If you illegally carry a concealed firearm in California, you could face harsh criminal penalties. In fact, it’s even illegal to openly carry a firearm in California unlike in most states. Depending on your criminal history and the circumstances of your case, you could face either a misdemeanor or felony charge for carrying a concealed weapon.
Owing to the possibility of jail time and steep fines, anyone charged for violating California’s concealed carry laws should retain the services of an experienced San Diego gun attorney. At McElfresh Law, we are driven by our passion for defending the rights and freedoms of Californians facing criminal charges.
It’s Illegal to Carry a Gun Outside Your Home or Business Without a License
California Penal Code sections 25850 PC and 26350 make it illegal to openly carry firearms outside of your home or business whether they’re loaded or unloaded. Thus, the only way to legally carry a weapon outside of your property is to have a concealed firearm permit obtained under California Penal Code section 26150 PC.
The crime of carrying a concealed firearm without a license is a more serious offense, governed by California Penal Code 25400 PC. Specifically, the statute prohibits carrying a firearm concealed on your person, within your car, or a car in which you are the passenger. The legal definition of firearm covers pistols, revolvers, and any other weapon operating on combustion that is capable of being concealed.
The Penalties For Carrying a Concealed Weapon
Without evidence of aggravating circumstances, the maximum penalty for carrying a concealed weapon is one year in jail and/or a $1,000 fine. Depending on the facts of your case, you may also qualify for probation. The facts that a judge will consider in determining your punishment are:
- Your criminal history
- Whether you’ve committed acts of violence in the past
- Any evidence that you intended to use the gun
- Your failure to cooperate with the police
On the other hand, your carrying of a concealed weapon may be treated as a felony under the following circumstances:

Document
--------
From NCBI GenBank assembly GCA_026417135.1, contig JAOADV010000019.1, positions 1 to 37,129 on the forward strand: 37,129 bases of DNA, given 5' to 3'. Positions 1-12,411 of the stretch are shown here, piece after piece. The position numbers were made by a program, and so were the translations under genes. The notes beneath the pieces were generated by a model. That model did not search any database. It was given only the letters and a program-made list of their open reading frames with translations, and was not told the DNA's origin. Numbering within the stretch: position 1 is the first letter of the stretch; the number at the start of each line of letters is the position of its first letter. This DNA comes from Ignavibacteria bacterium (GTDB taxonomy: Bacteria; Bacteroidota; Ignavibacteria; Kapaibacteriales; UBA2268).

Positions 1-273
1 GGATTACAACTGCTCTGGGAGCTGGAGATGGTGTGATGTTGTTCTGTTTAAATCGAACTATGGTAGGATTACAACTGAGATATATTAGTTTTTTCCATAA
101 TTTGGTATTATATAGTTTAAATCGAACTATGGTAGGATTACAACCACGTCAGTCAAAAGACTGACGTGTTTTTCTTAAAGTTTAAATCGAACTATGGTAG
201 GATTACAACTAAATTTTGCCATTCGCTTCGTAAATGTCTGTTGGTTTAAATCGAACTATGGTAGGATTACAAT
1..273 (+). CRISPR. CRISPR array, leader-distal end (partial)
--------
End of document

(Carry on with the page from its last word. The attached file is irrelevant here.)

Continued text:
- You have a prior conviction of a felony or any California firearm offense
- You were carrying a firearm that you knew to be stolen
- You’re a gang member
- You possessed the firearm unlawfully
- You are prohibited from carrying a firearm owing to a previous conviction or a restraining order
- You were previously convicted of a misdemeanor against a person or property
- You have previous narcotics or dangerous drug-related convictions
- You were carrying a loaded firearm of which you were not the registered owner (but the police must have probable cause of this specific fact when they arrest you)
If convicted of the felony version of carrying a concealed weapon, you may face between one and three years in jail and / or a fine of up to $10,000.
Defending Against Your Concealed Carry Charges
In California, you may be convicted of concealed carry even if you were carrying an inoperable firearm. Although the prosecutors don’t need to show that your weapon was functional and actually posed a risk to others, they do need to demonstrate beyond a reasonable doubt that you knowingly carried it and that it was substantially concealed.
This means that you can escape a conviction for concealed carry if you can prove a reasonably likely version of events in which you had no knowledge of carrying the weapon.
It is harder to build a defense based on the weapon’s concealment, because the law considers a weapon to be concealed even when its outline is clearly visible through clothing. A concealed weapon may be in your pocket, your handbag, a briefcase, or anything you are holding. In the context of a vehicle, a weapon is concealed unless it is in the trunk or a locked container other than the glove box.
If an officer searches you or your car without a warrant or probable cause, any evidence seized as a result of that search may not be used in a trial against you. So if you get stopped for having a broken taillight, and you cooperate with the officer and take no action giving rise to probable cause, that officer does not a legal basis to search your car. It is unlikely that any illicit items recovered from the search—whether narcotics or concealed weapons—could be used as evidence against you.
Finally, you may be able to assert self-defense to overcome your concealed carry charge. To succeed, you’ll need to demonstrate that your life was in grave danger because of specific threats against you or conduct that would otherwise justify a restraining order.
How a Skilled San Diego Gun Attorney Can Help
The successful defense of your case will require the collection of documentary evidence and testimony of the officers involved in your arrest. Your lawyer will then need to ascertain how this evidence can be used towards supporting legal defenses. San Diego criminal defense lawyer Jessica McElfresh has a proven track record of obtaining beneficial case results on behalf of her clients. If you’re facing concealed carry charges and want to talk to an experienced San Diego gun attorney, you can call McElfresh Law today at (858) 756-7107 for a free and confidential consultation of your case.